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How to Make Dog Treats

Make Your Own Dog Treats at Home

How to make dog treats tips and info on how to get started making homemade dog treats, even if you are just beginning to cook.

While making dog treats is not really hard, the best part about making homemade dog treats is that dogs are very patient with you…

Your dog will be right by your side during the learning process. And, trust me on this--all your “experiments” will be gratefully eaten!

Making homemade dog treats is not very different from baking desserts and breads for your family. The techniques are just like those for making cookies.

In fact, the main difference is that you have to be careful to use ONLY human grade ingredients that are good for dogs.

Why Homemade Dog Treats
Why Homemade
Dog Treats
Dog Treat Storage
Dog Treat
Safe Dog Treat Ingredients
Safe Dog
Treat Ingredients
Foods Toxic to Dogs
Foods Toxic to Dogs

FAQS - How to Make Dog Treats

I receive a fair number of emails with questions on making dog treats. I’ll answer some of the most popular here:

  • Can you substitute a different flour in a recipe? - Yes, you can. If your dog is on a special diet or has allergies, you may need to be especially careful about which flour you use. Unbleached white flour and bleached white flour are made from whole wheat. Some whole grain flours that are healthy include oat flour, barley flour and brown rice flour.
    Anyone can learn how to make dog treats.

    Dog treat cookie dough with rolling pin, learning how to make dog treats

    If you substitute one flour for another, you may have to add or subtract some of the liquid. There is no general rule for this, as flours have different qualities. You’ll just have to experiment a little until you get the right combination. Keep a record each time you do it, so you don’t forget…

  • Can you freeze dog treat dough? - Yes. Just let it come to room temperature before you try to roll it out or shape it. Your dough may be more wet after being frozen. Flour your hands and work surface well if this happens.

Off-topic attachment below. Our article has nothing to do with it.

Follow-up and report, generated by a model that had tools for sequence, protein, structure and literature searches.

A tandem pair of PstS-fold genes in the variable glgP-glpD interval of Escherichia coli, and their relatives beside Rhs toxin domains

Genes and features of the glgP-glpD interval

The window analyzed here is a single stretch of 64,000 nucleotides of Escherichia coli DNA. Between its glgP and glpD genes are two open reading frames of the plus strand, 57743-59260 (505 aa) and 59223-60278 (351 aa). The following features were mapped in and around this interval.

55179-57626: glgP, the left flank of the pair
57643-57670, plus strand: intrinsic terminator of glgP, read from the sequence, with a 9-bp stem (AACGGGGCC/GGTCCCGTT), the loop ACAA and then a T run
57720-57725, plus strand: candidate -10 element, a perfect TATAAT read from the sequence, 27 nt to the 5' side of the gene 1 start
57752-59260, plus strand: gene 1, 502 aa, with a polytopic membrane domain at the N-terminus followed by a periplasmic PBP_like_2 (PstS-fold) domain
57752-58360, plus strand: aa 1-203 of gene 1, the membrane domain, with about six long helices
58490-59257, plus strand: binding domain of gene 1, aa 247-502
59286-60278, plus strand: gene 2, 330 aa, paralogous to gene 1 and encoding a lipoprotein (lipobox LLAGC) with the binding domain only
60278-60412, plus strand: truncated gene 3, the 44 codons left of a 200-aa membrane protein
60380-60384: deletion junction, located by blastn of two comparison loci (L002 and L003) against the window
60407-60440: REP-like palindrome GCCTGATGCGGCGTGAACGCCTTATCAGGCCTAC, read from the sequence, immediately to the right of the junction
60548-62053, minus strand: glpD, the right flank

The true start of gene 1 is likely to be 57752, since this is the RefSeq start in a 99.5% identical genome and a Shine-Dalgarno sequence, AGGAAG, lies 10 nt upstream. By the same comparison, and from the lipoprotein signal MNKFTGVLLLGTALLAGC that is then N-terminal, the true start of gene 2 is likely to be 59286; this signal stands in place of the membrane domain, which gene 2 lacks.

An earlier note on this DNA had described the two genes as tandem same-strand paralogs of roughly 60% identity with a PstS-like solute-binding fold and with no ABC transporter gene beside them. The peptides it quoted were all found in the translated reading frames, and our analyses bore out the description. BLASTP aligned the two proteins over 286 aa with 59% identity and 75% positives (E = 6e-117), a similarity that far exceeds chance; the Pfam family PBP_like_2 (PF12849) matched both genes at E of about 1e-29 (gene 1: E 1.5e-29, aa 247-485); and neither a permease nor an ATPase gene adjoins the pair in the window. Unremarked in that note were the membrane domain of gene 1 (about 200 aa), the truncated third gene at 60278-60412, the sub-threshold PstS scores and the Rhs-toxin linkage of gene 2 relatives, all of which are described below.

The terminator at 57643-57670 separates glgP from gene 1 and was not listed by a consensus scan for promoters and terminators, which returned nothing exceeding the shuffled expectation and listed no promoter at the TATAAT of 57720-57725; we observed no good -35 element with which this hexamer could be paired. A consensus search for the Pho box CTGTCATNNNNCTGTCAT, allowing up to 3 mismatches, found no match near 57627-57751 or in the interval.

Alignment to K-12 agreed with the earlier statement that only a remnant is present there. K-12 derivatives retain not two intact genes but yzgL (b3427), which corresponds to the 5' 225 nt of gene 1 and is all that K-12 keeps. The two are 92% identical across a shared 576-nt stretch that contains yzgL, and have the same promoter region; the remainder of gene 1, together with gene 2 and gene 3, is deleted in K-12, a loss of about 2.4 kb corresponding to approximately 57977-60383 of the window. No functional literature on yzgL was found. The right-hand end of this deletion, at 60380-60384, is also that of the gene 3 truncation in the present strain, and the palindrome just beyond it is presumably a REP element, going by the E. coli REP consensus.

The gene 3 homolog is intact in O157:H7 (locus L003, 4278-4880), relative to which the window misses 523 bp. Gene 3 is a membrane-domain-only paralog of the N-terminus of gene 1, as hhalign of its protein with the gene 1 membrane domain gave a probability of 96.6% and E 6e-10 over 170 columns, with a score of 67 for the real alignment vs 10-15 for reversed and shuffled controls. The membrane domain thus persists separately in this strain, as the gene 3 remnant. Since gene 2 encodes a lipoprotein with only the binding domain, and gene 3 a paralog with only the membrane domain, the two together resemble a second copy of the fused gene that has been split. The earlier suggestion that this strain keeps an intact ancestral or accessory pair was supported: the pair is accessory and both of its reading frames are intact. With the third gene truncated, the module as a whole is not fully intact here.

• Is yeast harmful to dogs? - Yes and no. I’ll explain. Raw dough with dry yeast is harmful if your dog eats it, mostly because the yeast will continue to rise in your dog’s stomach—making her very sick. However, yeast in baked dog treats is just fine and will not hurt your dog.

    If you are uncomfortable using yeast, you can substitute 1 teaspoon of baking powder--or just leave the leavenings out. If you don't use a leavening, your dog treats will not rise and they will be heavier. You may have to bake them a little longer, but they will still be good dog treats.

    I should also mention that brewers yeast which is NOT an active yeast (It is a nutritional yeast, different from active dry yeast) is very healthy for dogs. It is loaded with B vitamins, and has been recommended for years, as a dog food supplement to repel fleas.

  • I live in the EU. How do you convert your recipes to metric? - It can be done. If you go to this site, you’ll find a metric conversion tool that will do the calculations for you.
  • Are there natural preservatives for dog treats? - Yes. A tablespoon or less of honey is a natural preservative, but it does keep treats softer. It’s used in bread as a natural preservative.

    If you don’t want to use honey because it is a sugar, you might consider rosemary extract. Bakeries use .01 % of the recipe. You’d have to calculate that, based on the amount of dough. However, a conservative ball park approach is to use 3-4 drops per batch of dog cookies having 3-4 cups of flour.

  • Is food coloring safe in dog treats? - Yes it is. People food coloring is safe to give color to homemade dog treats. However, I prefer to use natural coloring, such as beet powder (red), spinach powder (green) or turmeric (yellow).

This should give you some ideas about how to make dog treats, and I’m hoping it will help you get started making your own homemade dog treats soon!

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